What Happens to the House in a Divorce?

Judge Striking Gavel Between Split House

For many Maryland couples, especially those without children, who gets the family home is one of the biggest questions during a divorce. A house can be one of the family’s most valuable assets, and the mortgage on that house one of the largest debts. That means figuring out what happens to the house in a divorce can be complicated and emotional.

Do I Have to Sell My House in a Divorce?

The short answer is that you do not have to sell the house in a divorce, but it may sometimes be the best choice. While many judges do order homes sold to wrap up any financial loose ends, there are other options. What works best for you depends on when the home was purchased, by whom, and how it was financed.

When is a Home Considered the Separate Property of One Spouse

The Maryland Marital Property Act requires family court judges to equitably divide a couple’s “marital property.” That includes nearly everything either party acquired during the marriage (with the exception of gifts and inheritances). Generally, your marital home will be part of the marital property to be divided in your divorce. However, a home may be considered one spouse’s “separate property” if:

  • One spouse owned the home prior to the marriage
  • You avoided using marital funds to pay for the mortgage, repairs, or improvements

In other words, the home had not been “comingled” with marital property. Separate property is generally awarded to the party who owns it, so a determination that a home is the separate property of one spouse could be the end of your interest in that property. However, Maryland courts weigh several factors in determining whether the property was comingled, so even if only one spouse’s name is on the title, you should speak to an experienced Maryland divorce attorney to figure out what happens to the house in a divorce.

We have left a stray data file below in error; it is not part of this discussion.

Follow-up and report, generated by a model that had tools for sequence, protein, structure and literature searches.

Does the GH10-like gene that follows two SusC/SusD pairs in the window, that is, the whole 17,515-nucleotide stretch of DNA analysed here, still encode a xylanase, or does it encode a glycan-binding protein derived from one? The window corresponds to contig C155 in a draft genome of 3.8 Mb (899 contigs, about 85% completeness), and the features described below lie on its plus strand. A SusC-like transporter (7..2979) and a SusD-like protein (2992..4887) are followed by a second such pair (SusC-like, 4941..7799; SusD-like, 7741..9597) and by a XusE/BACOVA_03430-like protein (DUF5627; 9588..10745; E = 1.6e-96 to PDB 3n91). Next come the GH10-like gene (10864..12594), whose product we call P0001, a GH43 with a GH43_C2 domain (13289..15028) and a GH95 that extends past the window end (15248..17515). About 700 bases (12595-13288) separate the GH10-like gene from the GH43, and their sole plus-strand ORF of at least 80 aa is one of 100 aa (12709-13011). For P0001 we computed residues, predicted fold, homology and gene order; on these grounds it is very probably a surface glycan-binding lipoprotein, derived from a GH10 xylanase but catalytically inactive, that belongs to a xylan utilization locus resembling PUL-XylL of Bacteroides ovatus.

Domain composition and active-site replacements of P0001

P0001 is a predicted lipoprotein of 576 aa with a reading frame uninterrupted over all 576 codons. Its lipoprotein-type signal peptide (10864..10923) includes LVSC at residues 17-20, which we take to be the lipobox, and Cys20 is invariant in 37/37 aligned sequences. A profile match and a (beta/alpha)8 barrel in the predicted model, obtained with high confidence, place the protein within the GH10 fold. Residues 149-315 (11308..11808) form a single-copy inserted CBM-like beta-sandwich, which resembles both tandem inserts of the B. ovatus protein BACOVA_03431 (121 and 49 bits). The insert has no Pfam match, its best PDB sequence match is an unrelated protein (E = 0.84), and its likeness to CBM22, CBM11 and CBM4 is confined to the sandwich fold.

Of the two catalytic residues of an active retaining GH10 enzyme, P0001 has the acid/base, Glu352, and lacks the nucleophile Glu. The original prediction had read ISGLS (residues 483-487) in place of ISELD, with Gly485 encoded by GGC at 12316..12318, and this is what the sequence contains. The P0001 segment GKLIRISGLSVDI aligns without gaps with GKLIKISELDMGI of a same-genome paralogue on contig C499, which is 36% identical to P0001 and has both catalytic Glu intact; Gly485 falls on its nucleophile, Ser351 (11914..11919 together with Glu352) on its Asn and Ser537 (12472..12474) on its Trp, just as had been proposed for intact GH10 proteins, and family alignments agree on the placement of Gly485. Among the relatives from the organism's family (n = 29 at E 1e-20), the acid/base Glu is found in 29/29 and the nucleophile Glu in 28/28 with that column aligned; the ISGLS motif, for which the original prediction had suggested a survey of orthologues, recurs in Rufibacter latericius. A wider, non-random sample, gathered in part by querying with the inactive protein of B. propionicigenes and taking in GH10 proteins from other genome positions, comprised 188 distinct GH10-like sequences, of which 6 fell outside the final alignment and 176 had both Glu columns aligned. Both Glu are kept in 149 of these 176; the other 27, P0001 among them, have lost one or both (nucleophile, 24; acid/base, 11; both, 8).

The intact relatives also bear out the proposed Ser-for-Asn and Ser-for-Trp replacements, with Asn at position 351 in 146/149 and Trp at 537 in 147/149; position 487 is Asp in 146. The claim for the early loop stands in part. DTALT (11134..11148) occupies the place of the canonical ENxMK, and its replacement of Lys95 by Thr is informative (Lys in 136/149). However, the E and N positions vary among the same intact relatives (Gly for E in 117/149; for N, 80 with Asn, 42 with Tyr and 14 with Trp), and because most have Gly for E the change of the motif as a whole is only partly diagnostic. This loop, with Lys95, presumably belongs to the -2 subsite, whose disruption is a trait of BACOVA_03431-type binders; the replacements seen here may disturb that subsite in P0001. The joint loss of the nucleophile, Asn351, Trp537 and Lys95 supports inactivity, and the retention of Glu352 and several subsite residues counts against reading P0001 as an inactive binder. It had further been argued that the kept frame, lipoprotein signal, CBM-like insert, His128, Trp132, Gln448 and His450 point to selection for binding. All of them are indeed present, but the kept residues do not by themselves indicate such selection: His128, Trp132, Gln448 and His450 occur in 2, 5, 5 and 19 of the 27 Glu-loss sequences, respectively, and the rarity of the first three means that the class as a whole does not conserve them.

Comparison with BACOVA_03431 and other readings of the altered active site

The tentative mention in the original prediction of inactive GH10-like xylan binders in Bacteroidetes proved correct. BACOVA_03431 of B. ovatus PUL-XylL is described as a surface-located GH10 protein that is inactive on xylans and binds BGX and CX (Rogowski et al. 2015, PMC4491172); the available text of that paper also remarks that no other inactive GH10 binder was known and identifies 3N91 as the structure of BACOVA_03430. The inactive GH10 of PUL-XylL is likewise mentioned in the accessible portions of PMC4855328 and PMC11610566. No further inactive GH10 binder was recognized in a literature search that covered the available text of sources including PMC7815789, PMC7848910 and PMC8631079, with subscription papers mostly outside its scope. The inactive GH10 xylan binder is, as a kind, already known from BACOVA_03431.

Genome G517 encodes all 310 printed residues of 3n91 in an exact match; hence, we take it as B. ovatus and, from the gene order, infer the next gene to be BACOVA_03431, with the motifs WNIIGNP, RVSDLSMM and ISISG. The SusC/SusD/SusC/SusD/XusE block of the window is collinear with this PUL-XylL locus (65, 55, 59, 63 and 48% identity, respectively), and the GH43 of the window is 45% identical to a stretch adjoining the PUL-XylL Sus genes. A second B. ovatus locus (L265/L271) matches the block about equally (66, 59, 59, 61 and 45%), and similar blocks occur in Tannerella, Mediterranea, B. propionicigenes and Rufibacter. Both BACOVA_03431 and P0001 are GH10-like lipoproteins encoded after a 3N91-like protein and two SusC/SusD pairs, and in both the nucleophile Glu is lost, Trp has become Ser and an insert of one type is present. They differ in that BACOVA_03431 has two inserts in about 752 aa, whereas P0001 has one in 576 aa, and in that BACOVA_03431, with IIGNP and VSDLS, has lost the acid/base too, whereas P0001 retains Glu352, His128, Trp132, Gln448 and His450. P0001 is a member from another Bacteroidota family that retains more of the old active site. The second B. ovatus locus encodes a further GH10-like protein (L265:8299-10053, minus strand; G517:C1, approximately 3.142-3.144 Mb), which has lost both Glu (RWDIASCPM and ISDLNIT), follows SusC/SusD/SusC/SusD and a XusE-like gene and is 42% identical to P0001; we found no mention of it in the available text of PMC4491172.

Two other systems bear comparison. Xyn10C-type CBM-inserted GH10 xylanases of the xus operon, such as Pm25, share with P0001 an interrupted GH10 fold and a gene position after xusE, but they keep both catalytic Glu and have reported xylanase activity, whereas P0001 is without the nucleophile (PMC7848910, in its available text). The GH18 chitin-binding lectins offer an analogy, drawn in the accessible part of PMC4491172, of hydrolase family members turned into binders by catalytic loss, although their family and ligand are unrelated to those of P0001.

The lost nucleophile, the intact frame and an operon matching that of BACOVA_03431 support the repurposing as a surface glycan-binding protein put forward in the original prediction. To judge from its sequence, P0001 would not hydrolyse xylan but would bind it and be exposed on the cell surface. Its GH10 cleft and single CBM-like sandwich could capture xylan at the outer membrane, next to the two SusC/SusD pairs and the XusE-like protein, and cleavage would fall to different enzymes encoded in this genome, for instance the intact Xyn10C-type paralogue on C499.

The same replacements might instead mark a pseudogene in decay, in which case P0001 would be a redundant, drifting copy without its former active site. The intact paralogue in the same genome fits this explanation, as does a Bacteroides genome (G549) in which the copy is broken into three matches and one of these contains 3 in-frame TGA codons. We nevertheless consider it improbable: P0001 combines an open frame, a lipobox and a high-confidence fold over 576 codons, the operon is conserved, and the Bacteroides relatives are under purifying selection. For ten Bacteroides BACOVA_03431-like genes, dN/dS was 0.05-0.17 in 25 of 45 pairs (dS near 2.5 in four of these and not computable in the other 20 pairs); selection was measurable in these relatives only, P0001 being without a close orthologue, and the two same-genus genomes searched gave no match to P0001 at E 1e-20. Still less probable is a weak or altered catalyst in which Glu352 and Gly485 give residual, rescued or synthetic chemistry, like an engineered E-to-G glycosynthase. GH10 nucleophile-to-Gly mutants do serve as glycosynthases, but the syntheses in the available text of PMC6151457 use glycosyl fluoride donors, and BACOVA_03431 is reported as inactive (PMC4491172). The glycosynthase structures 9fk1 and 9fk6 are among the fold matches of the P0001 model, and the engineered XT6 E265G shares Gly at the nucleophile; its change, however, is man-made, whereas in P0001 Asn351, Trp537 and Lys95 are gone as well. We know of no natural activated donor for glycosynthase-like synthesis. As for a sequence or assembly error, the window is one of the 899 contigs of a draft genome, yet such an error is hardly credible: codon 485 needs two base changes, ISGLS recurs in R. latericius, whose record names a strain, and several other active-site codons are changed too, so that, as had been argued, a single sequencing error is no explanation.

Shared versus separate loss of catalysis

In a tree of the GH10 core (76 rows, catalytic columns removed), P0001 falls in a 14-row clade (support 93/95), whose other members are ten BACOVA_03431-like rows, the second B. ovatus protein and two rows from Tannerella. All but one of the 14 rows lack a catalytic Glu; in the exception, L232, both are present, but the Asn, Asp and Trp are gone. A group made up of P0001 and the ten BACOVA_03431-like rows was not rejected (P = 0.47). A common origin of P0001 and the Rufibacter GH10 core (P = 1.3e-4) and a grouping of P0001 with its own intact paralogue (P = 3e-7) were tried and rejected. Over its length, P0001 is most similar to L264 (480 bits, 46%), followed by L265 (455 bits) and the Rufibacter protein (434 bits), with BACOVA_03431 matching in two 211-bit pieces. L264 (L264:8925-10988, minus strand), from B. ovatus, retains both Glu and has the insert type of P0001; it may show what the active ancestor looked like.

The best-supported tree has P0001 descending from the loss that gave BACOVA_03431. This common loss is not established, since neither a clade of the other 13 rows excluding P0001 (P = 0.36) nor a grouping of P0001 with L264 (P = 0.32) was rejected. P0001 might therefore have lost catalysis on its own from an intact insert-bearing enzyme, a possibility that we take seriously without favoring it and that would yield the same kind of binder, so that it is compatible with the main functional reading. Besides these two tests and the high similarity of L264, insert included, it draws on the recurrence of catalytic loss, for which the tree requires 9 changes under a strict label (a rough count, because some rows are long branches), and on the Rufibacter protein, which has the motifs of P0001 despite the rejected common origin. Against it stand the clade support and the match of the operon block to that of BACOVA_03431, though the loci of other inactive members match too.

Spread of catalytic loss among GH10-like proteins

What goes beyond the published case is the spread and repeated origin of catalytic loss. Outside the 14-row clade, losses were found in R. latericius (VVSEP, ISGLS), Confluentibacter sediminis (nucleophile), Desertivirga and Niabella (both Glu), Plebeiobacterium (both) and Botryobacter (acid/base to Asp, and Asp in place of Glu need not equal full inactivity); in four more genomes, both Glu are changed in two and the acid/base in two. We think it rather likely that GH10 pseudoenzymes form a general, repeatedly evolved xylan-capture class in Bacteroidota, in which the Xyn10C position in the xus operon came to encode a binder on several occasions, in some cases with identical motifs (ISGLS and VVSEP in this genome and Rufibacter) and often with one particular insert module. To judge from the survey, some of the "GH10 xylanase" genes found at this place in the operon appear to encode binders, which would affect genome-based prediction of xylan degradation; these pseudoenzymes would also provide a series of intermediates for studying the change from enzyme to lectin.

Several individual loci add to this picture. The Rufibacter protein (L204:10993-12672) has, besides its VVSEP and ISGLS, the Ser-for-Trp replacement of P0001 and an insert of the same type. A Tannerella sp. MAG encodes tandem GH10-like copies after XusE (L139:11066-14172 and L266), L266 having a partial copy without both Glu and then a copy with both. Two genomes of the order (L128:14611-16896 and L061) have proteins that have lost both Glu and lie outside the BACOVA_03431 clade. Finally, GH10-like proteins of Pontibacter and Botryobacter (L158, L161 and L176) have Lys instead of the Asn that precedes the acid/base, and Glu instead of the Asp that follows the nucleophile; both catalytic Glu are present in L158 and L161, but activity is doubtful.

What are the Court’s Options in Dividing a Home that is Marital Property?

Assuming your home is marital property, your Maryland family law judge has three options in trail when deciding what happens to the house in a divorce:

  1. Sell the Home: The court can order you and your spouse to list the home for sale, pay off the mortgage and any home equity loans, and then divide whatever is left as part of the equitable division of marital property.
  2. Transfer the Title: The court may order that title to jointly owned property be transferred to one spouse or the other. Most often, this will be the same party responsible for refinancing the property to remove the other spouse’s name and paying off the mortgage.
  3. Use and Possession: If you have children living in the marital home, the court may award the custodial parent use and possession of the family home for up to three years after the divorce is final. At the end of the use and possession period, the ownership will revert to whoever’s name is on the title unless the Absolute Judgment of Divorce says otherwise.

Can I Afford to Keep the House?